Getting Started Guide for the Intel NUC

The Intel® NUC is the primary tested platform for ACRN development, and its setup is described below.

Hardware Setup

The Intel Apollo Lake NUC (APL) and the Intel Kaby Lake NUC (KBL), described in Supported Hardware, are currently supported for ACRN development.

Note that we can enable the serial console on the KBL (NUC7i7DN), but this is not supported on the APL (NUC6CAYH).

Connecting to the serial port

If you do not need a serial console, ignore this section.

Neither the APL nor the KBL NUCs contain an external serial port interface. However, the KBL NUC has a serial port header you can expose with a serial DB9 header cable. You can build this cable yourself; refer to the KBL NUC product specification as shown below:


Figure 21 KBL serial port header details

Or you can purchase such a cable.

You’ll also need an RS232 DB9 female to USB cable, or an RS232 DB9 female/female (NULL modem) cross-over cable to connect to your host system.

Note that If you want to use the RS232 DB9 female/female cable, choose the cross-over type rather than straight-through type.

Firmware update on the NUC

You may need to update to the latest UEFI firmware for the NUC hardware. Follow these BIOS Update Instructions for downloading and flashing an updated BIOS for the NUC.

Software Setup

Set up a Clear Linux Operating System

We begin by installing Clear Linux as the development OS on the NUC. The Clear Linux release includes an acrn.nuc6cayh.sdc.efi hypervisor application that will be added to the EFI partition (by the quick setup script or manually, as described below).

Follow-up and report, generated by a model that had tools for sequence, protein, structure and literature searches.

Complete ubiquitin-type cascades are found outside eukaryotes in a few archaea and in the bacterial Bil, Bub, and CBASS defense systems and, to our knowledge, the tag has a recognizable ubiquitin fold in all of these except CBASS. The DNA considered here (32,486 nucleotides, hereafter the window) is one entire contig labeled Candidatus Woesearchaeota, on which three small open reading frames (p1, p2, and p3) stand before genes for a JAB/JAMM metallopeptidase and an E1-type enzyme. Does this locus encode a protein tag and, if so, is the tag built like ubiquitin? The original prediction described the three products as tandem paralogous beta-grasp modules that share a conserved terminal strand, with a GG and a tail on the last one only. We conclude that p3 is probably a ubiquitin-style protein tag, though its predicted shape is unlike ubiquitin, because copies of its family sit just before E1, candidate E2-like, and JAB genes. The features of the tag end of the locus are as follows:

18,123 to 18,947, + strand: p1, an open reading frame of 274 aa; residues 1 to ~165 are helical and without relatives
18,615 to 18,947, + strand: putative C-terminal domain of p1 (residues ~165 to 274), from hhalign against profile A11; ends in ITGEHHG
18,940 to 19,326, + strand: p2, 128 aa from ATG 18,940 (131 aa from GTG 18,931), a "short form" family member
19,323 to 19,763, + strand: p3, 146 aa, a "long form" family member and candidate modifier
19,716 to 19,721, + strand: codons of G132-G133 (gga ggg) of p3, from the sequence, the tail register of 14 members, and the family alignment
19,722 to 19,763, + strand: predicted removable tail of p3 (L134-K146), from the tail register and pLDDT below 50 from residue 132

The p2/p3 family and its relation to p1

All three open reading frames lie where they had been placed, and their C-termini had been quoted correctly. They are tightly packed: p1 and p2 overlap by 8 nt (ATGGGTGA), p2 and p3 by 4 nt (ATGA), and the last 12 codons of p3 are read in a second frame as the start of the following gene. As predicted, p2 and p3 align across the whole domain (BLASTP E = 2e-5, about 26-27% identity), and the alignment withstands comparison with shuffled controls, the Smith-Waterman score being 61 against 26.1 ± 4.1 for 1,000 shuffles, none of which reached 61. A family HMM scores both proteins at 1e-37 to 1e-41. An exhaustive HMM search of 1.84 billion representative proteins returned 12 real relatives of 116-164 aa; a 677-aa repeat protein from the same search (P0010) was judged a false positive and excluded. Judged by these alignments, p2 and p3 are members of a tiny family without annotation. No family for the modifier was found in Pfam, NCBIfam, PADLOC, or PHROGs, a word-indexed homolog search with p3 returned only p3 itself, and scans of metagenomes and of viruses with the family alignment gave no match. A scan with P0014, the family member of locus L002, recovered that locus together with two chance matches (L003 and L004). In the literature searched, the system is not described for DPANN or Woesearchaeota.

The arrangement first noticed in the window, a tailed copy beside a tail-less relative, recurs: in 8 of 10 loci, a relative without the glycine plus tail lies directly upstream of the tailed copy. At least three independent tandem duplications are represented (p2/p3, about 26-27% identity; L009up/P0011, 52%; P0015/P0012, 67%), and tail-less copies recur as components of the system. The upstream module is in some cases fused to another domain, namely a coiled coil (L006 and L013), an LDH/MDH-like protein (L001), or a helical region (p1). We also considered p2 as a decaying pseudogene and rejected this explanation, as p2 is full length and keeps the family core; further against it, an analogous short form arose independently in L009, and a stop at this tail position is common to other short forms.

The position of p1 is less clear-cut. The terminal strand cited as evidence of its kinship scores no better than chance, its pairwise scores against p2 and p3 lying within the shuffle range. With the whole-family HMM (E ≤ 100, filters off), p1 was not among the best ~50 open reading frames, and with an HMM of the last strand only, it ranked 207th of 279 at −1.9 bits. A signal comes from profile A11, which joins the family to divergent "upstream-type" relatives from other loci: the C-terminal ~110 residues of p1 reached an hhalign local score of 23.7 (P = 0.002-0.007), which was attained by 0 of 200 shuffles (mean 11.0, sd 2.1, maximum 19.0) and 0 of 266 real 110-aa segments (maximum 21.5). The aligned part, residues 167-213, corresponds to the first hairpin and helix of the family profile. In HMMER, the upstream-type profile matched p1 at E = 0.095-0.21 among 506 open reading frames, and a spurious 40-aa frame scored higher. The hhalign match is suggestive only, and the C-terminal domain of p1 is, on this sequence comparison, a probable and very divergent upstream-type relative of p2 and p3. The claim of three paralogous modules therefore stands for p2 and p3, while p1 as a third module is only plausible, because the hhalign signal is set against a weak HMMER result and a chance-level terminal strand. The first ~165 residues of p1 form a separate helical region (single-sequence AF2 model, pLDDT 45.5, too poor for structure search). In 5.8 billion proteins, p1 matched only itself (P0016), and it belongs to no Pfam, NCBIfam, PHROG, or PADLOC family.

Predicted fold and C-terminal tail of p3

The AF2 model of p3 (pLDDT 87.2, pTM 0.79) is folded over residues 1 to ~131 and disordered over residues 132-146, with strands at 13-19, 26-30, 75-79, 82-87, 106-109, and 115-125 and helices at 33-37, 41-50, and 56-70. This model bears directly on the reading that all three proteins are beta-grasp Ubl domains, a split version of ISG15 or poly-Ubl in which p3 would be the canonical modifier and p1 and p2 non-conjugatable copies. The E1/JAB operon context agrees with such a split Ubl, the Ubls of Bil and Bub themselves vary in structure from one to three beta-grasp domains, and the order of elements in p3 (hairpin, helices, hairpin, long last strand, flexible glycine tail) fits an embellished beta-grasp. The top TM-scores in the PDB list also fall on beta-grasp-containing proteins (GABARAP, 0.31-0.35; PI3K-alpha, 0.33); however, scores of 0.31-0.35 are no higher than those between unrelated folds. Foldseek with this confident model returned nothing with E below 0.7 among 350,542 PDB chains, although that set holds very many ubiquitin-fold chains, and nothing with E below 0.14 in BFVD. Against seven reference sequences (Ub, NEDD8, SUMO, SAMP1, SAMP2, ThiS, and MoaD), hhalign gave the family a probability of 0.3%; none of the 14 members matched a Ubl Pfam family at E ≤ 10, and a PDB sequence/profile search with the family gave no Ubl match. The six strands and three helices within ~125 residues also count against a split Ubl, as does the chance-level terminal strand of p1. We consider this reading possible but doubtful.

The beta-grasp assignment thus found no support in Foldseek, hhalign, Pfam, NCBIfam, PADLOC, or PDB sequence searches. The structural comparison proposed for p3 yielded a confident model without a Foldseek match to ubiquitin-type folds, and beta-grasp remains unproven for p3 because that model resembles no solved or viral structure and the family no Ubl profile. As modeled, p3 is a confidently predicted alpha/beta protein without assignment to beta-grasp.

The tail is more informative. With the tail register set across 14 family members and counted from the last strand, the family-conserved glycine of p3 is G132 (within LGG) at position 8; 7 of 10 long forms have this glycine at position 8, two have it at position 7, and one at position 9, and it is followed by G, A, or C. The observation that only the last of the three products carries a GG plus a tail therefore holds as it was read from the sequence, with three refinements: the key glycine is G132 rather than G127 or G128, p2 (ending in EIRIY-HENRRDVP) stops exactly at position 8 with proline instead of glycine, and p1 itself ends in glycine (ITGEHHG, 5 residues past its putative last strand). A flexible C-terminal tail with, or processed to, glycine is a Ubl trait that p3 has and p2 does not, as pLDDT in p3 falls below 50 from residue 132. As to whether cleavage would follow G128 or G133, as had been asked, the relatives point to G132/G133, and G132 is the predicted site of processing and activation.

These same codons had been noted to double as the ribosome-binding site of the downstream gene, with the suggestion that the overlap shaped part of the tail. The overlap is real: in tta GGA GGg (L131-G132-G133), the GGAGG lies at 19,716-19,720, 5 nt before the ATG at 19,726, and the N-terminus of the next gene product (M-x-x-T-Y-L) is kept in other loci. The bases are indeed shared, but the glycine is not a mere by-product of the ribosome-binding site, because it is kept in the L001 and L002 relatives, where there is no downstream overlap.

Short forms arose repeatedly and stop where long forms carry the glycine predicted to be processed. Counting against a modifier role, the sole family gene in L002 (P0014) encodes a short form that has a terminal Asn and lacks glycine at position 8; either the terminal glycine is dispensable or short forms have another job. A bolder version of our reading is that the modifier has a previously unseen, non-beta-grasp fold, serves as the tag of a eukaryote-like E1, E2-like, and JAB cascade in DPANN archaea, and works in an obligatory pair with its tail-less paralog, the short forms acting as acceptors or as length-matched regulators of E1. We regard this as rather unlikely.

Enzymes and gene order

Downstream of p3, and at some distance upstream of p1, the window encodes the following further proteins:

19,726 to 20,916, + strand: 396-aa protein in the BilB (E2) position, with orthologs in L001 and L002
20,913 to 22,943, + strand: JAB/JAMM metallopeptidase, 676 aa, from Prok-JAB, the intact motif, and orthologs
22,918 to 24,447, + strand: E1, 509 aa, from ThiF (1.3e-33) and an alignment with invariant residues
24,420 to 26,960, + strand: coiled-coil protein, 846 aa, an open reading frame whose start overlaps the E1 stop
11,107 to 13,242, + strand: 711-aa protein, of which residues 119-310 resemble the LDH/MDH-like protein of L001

Refer to the ACRN Release Notes for the Clear Linux OS version number tested with a specific ACRN release. Adjust the instruction below to reference the appropriate version number of Clear Linux OS (we use version 31080 as an example).

  1. Download the compressed Clear Linux OS installer image from and follow the Clear Linux OS Installation Guide as a starting point for installing the Clear Linux OS onto your platform. Follow the recommended options for choosing an Advanced options installation type, and using the platform’s storage as the target device for installation (overwriting the existing data).

    When setting up Clear Linux on your NUC:

    1. Launch the Clear Linux OS installer boot menu.

    2. With Clear Linux OS highlighted, select Enter.

    3. Log in with your root account and new password.

    4. Run the installer using the following command:

      $ clr-installer
    5. From the Main menu, select Configure Installation Media and set Destructive Installation to your desired hard disk.

    6. Select Telemetry to set Tab to highlight your choice.

    7. Press A to show the Advanced options.

    8. Select Select additional bundles and add bundles for desktop-autostart, editors, network-basic, and user-basic.